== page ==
Australia’s competition watchdog is opposing a Qantas plan to resume flights between Australia and Japan.
Qantas and Japan Airlines have proposed cooperating on flights between Sydney, Melbourne and Tokyo as airlines struggle due to international coronavirus restrictions.
Before the pandemic, Qantas and Japan Airlines competed for customers flying directly between the cities.
Under the bid, the two businesses would share resources in order to cut costs.
Australian Competition and Consumer Commission chair Rod Sims said while the proposal would more quickly allow flights to resume, there were dangers to competition and airlines would benefit at the expense of customers.
Qantas and Japan Airlines have asked permission to run the flights for three years, and the commission is inviting feedback on its draft decision by May 27 ahead of its final decision.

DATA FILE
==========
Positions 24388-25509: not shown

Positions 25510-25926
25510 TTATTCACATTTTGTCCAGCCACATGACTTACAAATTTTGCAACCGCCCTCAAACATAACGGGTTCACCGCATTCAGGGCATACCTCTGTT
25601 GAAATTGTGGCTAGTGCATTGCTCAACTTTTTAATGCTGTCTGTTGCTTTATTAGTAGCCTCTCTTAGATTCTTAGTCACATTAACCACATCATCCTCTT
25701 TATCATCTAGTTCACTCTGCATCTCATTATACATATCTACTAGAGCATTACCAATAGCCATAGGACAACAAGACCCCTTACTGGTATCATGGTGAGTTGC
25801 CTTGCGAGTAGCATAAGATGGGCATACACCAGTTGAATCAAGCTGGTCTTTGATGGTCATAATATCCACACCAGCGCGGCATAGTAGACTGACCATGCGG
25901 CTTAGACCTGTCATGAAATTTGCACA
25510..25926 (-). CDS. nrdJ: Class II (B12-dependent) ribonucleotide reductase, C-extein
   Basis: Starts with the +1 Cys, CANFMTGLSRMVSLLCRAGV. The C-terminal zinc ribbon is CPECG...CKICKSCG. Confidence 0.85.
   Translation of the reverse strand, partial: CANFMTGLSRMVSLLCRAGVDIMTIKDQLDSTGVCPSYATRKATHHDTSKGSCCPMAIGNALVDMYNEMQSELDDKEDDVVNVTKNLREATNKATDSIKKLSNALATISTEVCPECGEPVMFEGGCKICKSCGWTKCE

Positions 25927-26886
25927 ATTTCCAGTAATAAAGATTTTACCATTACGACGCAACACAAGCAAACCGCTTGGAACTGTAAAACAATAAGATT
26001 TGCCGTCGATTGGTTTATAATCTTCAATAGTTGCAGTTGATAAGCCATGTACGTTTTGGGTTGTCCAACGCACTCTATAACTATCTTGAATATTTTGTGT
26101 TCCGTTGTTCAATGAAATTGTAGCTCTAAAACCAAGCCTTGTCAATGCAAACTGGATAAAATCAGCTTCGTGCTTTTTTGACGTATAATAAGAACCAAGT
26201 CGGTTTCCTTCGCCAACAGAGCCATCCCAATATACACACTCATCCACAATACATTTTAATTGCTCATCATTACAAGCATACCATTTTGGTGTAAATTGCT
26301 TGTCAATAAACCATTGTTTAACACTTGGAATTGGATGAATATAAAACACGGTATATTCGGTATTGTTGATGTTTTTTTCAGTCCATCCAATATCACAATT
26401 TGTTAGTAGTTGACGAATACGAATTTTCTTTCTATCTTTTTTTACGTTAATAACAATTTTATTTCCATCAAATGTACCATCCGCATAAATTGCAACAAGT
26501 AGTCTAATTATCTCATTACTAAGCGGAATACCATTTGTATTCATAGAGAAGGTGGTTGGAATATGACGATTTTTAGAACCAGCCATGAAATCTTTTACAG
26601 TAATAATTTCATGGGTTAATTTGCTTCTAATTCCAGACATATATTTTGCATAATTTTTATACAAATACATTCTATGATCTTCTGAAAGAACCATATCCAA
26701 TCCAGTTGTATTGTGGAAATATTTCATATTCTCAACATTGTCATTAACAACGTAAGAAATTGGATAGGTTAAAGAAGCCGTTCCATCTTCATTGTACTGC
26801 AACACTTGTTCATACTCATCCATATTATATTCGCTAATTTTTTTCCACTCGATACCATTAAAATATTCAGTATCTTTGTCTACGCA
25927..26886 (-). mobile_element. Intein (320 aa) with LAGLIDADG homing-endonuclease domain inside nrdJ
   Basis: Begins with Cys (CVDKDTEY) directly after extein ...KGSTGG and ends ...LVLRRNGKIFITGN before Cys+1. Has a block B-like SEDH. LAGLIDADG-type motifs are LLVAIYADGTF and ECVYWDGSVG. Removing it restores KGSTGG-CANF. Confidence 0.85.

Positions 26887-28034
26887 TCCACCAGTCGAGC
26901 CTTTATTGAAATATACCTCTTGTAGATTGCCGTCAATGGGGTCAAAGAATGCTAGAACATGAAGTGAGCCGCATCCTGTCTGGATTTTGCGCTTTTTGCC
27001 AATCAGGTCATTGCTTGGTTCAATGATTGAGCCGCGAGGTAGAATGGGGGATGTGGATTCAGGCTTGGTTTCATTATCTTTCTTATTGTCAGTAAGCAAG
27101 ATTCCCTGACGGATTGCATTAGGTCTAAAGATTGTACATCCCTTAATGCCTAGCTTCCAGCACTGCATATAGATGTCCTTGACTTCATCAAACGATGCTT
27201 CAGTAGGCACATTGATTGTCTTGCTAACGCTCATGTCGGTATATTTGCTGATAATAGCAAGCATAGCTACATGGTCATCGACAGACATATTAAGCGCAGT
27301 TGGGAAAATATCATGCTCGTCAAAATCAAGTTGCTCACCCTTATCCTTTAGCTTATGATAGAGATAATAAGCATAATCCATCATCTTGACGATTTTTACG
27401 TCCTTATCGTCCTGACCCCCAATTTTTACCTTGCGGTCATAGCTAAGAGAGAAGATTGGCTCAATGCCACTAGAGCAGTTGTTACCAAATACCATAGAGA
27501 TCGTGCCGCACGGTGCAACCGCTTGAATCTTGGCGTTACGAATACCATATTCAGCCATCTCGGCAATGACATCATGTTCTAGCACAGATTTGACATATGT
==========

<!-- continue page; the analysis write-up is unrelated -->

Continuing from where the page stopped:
Before COVID-19, Japan Airlines and Qantas were the only airlines offering direct flights between Melbourne and Tokyo.
The same airlines, and All Nippon Airways, were the only providers of direct flights between Sydney and Tokyo.
Qantas boss Alan Joyce has been desperate to cut costs since the pandemic crippled international travel.
In February, the airline reported a first-half underlying loss before tax of $1.03 billion and a $6.9 billion drop in revenue.
Thousands of workers have been made redundant.
In March, the watchdog approved a similar proposal between Qantas and American Airlines.
Shares in Qantas were lower by 1.35 per cent to $4.74 at 1537 AEST.